- The problem with race-based medicine (Dorothy Roberts, TEDMED, 2015) – 14:27
- The urgency of intersectionality (Kimberlé Crenshaw, TedWomen, 2016) – 18:40
- The Standing Rock resistance and our fight for Indigenous rights (Tara Houska, TedWomen, 2017) – 10:55
- What it takes to be racially literate (Priya Vulchi and Winona Guo, TedWomen, 2017) – 12:13
- MPDI Open Access Journals consists of open-access journals on various interdisciplinary topics that may be useful for introductory Ethnic Studies courses. These open articles can be adapted to introduce fundamental concepts and examples in Ethnic Studies. Some journals published by MPDI include Arts, Climate, COVID, Education, Health, International Journal of Environmental Research and Public Health, Religions, Sports, Sustainability, Trends in Higher Education, Urban Science, Water, and Youth.
- International Journal of Information, Diversity, & Inclusion presents wide-ranging and multidisciplinary perspectives on the intersection of equity, social justice, and information. IJIDI is a quarterly, open-access online journal sponsored by the Information & Computer Science Dept. (Library & Information Science Program), University of Hawaiʻi at Mānoa, and Faculty of Information (iSchool), University of Toronto.
African American Studies
Introduction to African American Studies
The texts included here are appropriate for a history course focusing on the African American experience. Supplemental materials would be needed for an African American Studies, or Black Studies course taught from an Ethnic Studies perspective.
- Slavery to Liberation: The African American Experience (Joshua Farrington et al., 2019)
Slavery to Liberation: The African American Experience (Joshua Farrington et al., 2019) in LibreTexts (CC BY-NC)
This text gives instructors, students, and general readers a comprehensive and up-to-date account of African Americans’ cultural and political history, economic development, artistic expressiveness, and religious and philosophical worldviews in a critical framework.
- African American History (Lumen) in LibreTexts (Licenses vary.)
This resource provides historical material that offers context for African American experiences, ranging from African heritage to the days following the end of legalized chattel slavery in the United States in the Reconstruction era.
- Black Matters: Introduction to Black Studies (DeGraff, MIT Open Courseware, 2017) (CC BY-NC-SA) This open-access course provides an introduction to Black Studies, and it includes sample assignments, presentation assignments with examples, lecture videos, and instructor insights. Note that some of the images and sources used within the courses are noted as copyrighted materials.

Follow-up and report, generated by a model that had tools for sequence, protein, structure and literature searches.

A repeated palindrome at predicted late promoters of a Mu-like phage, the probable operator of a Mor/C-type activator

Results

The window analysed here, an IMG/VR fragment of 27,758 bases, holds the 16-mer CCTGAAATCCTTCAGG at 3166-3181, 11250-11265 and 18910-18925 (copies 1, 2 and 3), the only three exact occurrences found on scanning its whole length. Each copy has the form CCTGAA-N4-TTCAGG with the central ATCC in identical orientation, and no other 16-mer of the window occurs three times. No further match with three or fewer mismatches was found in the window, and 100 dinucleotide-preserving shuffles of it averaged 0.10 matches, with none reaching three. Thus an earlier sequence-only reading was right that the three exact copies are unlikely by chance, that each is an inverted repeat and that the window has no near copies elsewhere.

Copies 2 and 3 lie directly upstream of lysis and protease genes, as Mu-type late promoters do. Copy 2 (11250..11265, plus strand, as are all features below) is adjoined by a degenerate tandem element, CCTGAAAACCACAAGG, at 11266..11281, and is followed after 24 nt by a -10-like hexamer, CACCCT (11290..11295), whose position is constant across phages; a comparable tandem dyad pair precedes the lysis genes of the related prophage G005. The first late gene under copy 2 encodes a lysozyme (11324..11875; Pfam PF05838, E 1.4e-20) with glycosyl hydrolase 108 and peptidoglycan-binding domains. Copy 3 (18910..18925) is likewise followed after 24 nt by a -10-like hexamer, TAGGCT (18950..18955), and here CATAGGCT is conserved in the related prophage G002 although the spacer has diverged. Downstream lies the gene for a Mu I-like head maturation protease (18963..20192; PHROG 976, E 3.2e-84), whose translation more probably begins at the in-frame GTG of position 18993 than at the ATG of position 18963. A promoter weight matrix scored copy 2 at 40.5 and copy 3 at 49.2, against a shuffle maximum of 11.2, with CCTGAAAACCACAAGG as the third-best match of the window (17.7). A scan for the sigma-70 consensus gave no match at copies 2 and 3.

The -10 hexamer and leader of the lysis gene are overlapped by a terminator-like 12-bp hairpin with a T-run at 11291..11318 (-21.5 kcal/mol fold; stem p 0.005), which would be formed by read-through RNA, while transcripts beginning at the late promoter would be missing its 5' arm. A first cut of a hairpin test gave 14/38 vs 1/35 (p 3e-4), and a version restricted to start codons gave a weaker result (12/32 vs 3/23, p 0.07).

- African American History: From Emancipation to the Present (Holloway, Open Yale Courses, 2010) (CC BY-NA-SA)The purpose of this course is to examine the African American experience in the United States from 1863 to the present (2010). Prominent themes include the end of the Civil War and the beginning of Reconstruction, African Americans’ urbanization experiences, and the development of the modern civil rights movement and its aftermath. This open course includes assignments and a reading list that could be adapted for different classroom contexts and updated with more recent material.
Native American Studies
Instructors in Native American Studies may be interested to explore and utilize the Traditional Knowledges Licenses developed by the organization Local Contexts that can be used in addition to or instead of Creative Commons licenses for open-source material. Local Contexts has crafted licensing and labeling practices that are more responsive to local-decision making and Indigenous frameworks for both governance and the sharing of artifacts, resources, and stories.
Many of the sources included listed on this page can be found in the Indigenous Voices Collection from Pressbooks that includes a range of disciplinary perspectives and diverse Indigenous authors. In addition, the BC Campus Indigenization Project in British Columbia has created a Pulling Together Learning series by Indigenous and ally authors that has also facilitated the creation of openly licensed content in Indigenous Studies. While relationship with and content about local Indigenous contexts will vary for different campuses, these sources provide examples that can be used in comparative contexts and offer conceptual perspectives to utilize in context.
Introduction to Native American Studies